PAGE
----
Later on in the afternoon (after we visited the waterfall), three of us went for a drive around the edge of the lake. It was a great sightseeing trip, although the roads were pretty rough. And by rough I mean the rockiest, skinniest, most unsafe donkey trails you can imagine. Around the far side of the lake, we stopped to visit a little rock island accessible only by hiking down a steep hill and across a VERY sketchy “bridge” made of rotting bamboo. I almost didn’t make it. But once across, we could see the beautiful green of the lake, as well as our own campground on the other side of the water.
Next we stopped at “coconut village” (comprising two houses and some coconut trees) to have a fresh coconut drink. It wasn’t much to write home about. I’ve had fresher coconuts. But it was a neat little stop and I was happy to support the family business. LittleB was most keen on the litter of puppies they had out back, and couldn’t care less about the guy climbing 20 m up a tree to get us a snack.
Our last stop of the trip was at the local hot springs. If you can call them that. Having seen our share of amazing geysers and thermal pools before, this pathetic trickle of water falling into a pool of garbage was pretty underwhelming. But at least we enjoyed a beautiful sunset on the beach. And it was nice to see that the locals were well sustained by this little bit of geothermal magic, using it for the cooking and cleaning ease that they wouldn’t have otherwise.
For our final day in Flores, we packed up and took off to see another waterfall on the way back to town. These falls were a bit of a further hike and more secluded, but they promised nicer views and privacy.
The drive took us down some narrow cliffs and into a dry, sunny valley. We stopped to register at the park desk and pick up a little old man guide, then we parked our truck at the top of a forested hill. With swimsuits and lunch in tow, we headed down towards the valley floor.
The walk was steep in places, and very rough on J. She spent most of it crying and balking at the big steps. It took major persuading and negotiating to get her down the whole way. Also, our (barefoot) guide managed to cut his foot and was leaving a blood trail the whole way along the path. Needless to say, it was not a peaceful, one-with-nature kind of trek, and we were aching for a beer and some rest by the time we emerged at the base of the falls.
The falls were cut into a huge rockface, carving their way out of a cavern and along a cliffside. The only way to see the falls was to swim about 50 meters along the trench and squeeze through a small opening into the cavern.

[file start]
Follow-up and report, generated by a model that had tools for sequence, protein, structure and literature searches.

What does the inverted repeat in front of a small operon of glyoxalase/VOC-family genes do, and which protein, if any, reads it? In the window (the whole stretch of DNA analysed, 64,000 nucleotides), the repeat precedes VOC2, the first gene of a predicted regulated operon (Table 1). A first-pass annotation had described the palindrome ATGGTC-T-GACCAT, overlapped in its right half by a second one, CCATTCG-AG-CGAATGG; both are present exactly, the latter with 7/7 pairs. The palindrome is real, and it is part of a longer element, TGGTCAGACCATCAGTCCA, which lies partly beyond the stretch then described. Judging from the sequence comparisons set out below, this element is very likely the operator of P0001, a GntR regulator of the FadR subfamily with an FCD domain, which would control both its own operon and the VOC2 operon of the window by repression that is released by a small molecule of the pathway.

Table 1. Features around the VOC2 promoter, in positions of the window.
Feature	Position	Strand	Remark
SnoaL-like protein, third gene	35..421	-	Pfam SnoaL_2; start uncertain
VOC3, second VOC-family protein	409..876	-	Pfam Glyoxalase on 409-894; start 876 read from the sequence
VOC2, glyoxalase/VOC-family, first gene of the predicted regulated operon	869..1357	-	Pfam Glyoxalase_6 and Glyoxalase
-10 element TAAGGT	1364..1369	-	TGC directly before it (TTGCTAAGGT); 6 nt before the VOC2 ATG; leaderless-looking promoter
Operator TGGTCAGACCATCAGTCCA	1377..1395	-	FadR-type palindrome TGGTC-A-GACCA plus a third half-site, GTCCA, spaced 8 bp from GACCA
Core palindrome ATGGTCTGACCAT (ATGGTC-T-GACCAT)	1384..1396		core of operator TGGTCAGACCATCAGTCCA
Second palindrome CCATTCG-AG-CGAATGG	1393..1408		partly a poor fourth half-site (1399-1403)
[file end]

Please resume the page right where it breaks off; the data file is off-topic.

The water was cool and pleasant, and there were ledges along the way where we could easily rest our tired kids. Soon we made it to the cave opening. Two adults went first, to make sure it was safe for the rest of us. We had to pass through a small opening guarded by a bunch of spiders, but it was worth it. The space seemed to have been carved over thousands of years and thousands of liters of water, swirling away a small domed cavern in the rock. The water was thunderous and strong, but the bottom was shallow enough to stand in places.
After our swim, the sky was starting to darken, so we hurried up to the truck. Thankfully J had a much easier time going up than down, and we were quick to make it back to the top. Unfortunately, the rain was close behind us, and we made it into the cab just as the clouds opened up. It poured so hard that the dirt road back to the park entrance turned into a river, and the truck was fishtailing the whole way up. I was pretty sure we were going to fly off the cliff edge on the side of the road, but we made it. We stopped for a few minutes at the park building to decide what to do, and to mourn for all of our things getting totally soaked in the back of the pickup truck. We decided to skip the planned final stop at another viewpoint/village, and return to the big city where we had booked a hotel for the night.
We made it there in time for a last beautiful sunset as the rain cleared, with enough time for warm showers, a chance to hang all our clothes around the room to dry, and to enjoy a few evening beers before bed and back to Jakarta in the morning.
Thanks for the visit and memories!